Senator Ted Cruz no doubt hoped the release of his birth certificate to The Dallas Morning News would settle the question of whether he is a "natural born" American citizen and thus eligible to run for president. Instead, the revelation that Cruz is a dual Canadian-American citizen -- which, given that his Canadian birth was already widely known, should not have come as a surprise -- ignited the debate anew. (Cruz, for the record, is more than happy to renounce the country of his birth).
Real estate mogul and noted political sage Donald Trump has been surprisingly subdued on the issue of Cruz's citizenship. "I don't know the circumstances. I heard somebody told me he was born in Canada. That's really his thing," he told ABC News last week with no apparent sense of irony.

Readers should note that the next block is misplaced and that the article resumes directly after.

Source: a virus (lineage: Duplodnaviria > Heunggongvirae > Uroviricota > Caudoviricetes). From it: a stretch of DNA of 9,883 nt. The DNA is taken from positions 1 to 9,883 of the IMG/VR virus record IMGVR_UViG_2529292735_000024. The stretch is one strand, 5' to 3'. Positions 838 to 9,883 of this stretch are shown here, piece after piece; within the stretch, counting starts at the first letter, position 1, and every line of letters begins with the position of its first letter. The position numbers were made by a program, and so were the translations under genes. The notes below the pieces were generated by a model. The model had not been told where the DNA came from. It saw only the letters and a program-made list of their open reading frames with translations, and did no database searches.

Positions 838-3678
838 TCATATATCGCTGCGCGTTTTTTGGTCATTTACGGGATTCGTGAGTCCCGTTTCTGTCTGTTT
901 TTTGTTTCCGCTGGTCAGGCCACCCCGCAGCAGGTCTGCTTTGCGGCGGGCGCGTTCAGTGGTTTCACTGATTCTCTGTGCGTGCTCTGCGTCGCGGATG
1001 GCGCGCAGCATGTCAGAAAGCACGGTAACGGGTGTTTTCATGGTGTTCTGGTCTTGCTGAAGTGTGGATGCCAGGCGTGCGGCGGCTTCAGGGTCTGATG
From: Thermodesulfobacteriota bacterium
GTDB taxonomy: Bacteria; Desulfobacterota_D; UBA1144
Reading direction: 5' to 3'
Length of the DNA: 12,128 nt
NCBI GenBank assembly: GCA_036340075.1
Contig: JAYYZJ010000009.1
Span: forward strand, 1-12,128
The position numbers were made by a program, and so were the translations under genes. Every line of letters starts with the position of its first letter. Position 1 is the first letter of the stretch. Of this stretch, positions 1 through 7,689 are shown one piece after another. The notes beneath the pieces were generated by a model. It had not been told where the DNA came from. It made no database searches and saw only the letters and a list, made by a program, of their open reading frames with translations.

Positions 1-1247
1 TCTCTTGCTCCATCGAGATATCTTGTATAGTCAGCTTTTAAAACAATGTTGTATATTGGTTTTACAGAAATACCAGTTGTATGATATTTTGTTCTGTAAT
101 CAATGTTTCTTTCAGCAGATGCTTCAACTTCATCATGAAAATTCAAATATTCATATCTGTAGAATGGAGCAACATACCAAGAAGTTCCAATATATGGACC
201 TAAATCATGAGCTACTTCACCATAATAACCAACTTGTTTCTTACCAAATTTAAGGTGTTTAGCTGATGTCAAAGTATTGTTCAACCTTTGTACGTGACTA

But that was last week. Following the release of the birth certificate, Trump went into full birther mode, as the National Review reported:
Donald Trump, the nation's self-appointed arbiter of presidential eligibility, today made his most unequivocal statement on the matter: The real-estate mogul strongly suggested he does not believe the Texas senator is a natural-born citizen, as the Constitution requires all presidents be, and urged him to run for office in Canada. "Ted Cruz is just the kind of conservative the Canadian parliament needs," Trump wrote on Twitter.
The curious thing was that the magazine's scoop was ignored by other media typically hungry for one of Trump's nuggets of wisdom. The reason becomes clear when you glance at the embedded tweet near the bottom of the post.
Ted Cruz is just the kind of conservative the Canadian parliament needs. I wish him all the best in his future endeavors.
— Donald J. Drumpf (@RealDonalDrumpf) August 19, 2013
Once the magazine realized that the @RealDonalDrumpf Twitter feed is not handled by The Donald, National Review yanked the post, though not quickly enough to avoid being cached by Google.
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